On offer: A placement from three weeks to two years in Latin America, working with a local Evangelical church.
This means: There are two programmes: one is Step, where you’ll be part of a team of about 12 working alongside local people on practical projects such as building, decorating, or gardening. The other is Stride: tell Latin Link what you’re interested in doing, as an individual or as a family, and they’ll do their best to place you. They are “pretty much open to anything”.
When: Step: July-August (three to seven weeks); March-July (four months). Striders: go out any time, from six months to two years. Some do a term at Bible college first, and then go in January.
Age: Generally 18-30, but they are hoping to recruit people of all ages, on medical or engineering electives, sabbaticals, career breaks, or newly retired.
Cost: Step: £2000-£3000.
Stride: £1250-£1700, plus about £450 a month.
Booking: Enquiries are welcome at any time. See www.latinlink.org, email firstname.lastname@example.org, or phone 0118 957 7100.
Someone who did: Niki Clarke, aged 25, spent just under a year as a Strider in Cochambamba in Bolivia. She has a degree in textile design, so Latin Link set her to work helping women in prison to earn their keep making crafts, which were sold both through a local shop and to British supporters through a website. She also taught English in her church, and art in a nearby international school.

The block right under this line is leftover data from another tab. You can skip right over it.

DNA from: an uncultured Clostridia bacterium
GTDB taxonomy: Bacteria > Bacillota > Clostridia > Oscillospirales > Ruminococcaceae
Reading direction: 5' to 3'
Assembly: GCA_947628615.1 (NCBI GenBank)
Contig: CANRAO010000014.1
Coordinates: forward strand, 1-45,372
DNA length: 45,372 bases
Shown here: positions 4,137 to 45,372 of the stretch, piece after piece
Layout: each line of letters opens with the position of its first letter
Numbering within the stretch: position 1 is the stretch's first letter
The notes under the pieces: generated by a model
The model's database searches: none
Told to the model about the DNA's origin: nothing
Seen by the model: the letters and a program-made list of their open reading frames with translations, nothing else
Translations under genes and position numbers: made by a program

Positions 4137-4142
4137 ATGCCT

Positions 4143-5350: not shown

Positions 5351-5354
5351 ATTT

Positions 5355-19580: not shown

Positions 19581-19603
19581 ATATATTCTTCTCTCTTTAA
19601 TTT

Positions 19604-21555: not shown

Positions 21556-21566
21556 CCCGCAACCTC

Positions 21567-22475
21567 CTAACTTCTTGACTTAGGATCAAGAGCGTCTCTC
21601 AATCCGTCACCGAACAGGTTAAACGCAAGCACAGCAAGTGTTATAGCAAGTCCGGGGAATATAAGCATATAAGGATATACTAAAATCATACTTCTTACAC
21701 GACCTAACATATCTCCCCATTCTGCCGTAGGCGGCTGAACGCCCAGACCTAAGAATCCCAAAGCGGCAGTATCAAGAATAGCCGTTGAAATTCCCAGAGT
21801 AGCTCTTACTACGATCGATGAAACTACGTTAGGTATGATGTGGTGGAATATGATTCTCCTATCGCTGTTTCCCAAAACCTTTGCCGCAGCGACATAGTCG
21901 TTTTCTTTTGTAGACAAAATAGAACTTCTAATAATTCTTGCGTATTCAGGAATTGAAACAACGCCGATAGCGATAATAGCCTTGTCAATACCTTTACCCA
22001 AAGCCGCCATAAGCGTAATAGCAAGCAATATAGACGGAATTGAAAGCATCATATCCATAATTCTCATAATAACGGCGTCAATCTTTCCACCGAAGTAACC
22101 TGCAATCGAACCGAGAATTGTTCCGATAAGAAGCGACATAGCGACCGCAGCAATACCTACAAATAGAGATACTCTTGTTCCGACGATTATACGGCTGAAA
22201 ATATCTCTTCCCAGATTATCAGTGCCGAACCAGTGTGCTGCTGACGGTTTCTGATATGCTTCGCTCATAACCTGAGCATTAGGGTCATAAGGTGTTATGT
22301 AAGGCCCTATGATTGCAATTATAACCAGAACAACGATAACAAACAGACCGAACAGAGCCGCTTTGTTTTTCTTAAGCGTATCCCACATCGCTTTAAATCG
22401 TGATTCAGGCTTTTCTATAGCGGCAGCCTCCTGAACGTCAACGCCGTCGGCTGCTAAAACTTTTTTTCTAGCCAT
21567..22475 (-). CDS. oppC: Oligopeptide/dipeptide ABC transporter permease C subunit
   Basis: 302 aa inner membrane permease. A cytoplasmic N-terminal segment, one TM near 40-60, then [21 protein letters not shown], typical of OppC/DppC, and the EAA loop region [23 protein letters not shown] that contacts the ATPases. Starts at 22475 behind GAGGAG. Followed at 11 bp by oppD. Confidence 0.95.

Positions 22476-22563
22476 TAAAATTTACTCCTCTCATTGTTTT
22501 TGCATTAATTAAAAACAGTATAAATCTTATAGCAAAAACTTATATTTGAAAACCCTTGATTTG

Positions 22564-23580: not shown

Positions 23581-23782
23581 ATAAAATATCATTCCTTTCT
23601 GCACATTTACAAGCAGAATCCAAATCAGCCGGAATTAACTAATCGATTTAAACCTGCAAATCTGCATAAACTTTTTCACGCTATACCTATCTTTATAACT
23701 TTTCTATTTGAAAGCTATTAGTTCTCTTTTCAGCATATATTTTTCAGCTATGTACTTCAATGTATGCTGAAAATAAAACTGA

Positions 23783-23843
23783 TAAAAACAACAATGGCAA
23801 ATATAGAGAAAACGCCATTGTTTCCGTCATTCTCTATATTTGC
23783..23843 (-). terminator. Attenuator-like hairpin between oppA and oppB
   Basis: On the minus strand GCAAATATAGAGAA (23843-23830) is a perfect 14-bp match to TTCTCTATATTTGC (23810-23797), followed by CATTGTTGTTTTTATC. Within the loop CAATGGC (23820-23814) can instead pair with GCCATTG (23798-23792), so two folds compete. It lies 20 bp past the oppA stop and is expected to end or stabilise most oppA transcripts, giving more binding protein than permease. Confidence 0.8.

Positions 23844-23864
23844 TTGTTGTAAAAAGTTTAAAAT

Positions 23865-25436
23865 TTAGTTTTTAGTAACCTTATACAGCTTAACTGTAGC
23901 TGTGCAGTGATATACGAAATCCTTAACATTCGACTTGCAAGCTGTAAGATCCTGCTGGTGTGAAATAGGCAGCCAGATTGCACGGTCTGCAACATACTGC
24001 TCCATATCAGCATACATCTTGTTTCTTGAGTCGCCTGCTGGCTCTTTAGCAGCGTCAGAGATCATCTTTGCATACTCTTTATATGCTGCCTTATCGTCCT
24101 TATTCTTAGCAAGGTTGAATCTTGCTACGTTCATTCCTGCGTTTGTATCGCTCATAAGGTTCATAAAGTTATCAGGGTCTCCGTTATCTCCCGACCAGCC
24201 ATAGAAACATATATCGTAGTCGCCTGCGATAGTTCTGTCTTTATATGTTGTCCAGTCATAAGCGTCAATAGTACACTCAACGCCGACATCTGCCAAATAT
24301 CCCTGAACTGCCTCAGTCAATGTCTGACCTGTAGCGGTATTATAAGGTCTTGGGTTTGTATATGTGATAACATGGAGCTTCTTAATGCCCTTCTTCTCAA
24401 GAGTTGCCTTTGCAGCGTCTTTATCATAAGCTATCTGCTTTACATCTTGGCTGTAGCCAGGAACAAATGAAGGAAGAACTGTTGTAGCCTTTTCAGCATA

“I had to raise £7000, but that wasn’t a problem. If God wants it to happen, nothing is difficult, really — though it was hard to leave behind the people I love. I had a fantastic time. Apart from learning Spanish, I’ve developed a heart for people in marginalised communities, and I’ve also seen what God’s heart is for the world.
“Since I got back, I’ve done another year and a half with Latin Link, and now I’ve got a job with EcoCentric.”
On offer: A brand new initiative called XPlore.
This means: Fourteen weeks’ training in Liverpool, followed by up to six months’ doing mission work “on the edge” with a non-uniformed Church Army mentor in Australia, New Zealand, Kenya, the United States, Canada, Jamaica, or Barbados, plus a few weeks’ debriefing back at base. No specific skills are required — “the tools will be provided.”
When: Training starts in September; so apply soon.
Age: 18–25, although older people may be welcome in future.
Cost: You are asked to contribute £1000 to the costs, together with your airfares to and from the front line.
Booking: Download an application form from www.xploreglobal.org.uk, email email@example.com, or phone Phil Clark on 08445 853575.
On offer: From six months to two years on a placement with Christian partners in Britain or around the world.
This means: You could be doing community work in inner-city Manchester, offering IT support in a hospital in Mumbai, or doing administrative work at the Anglican cathedral in Cairo. It all depends on age and experience. “There’s no shortage of person power in most parts of the world — it’s specific skills that really count.”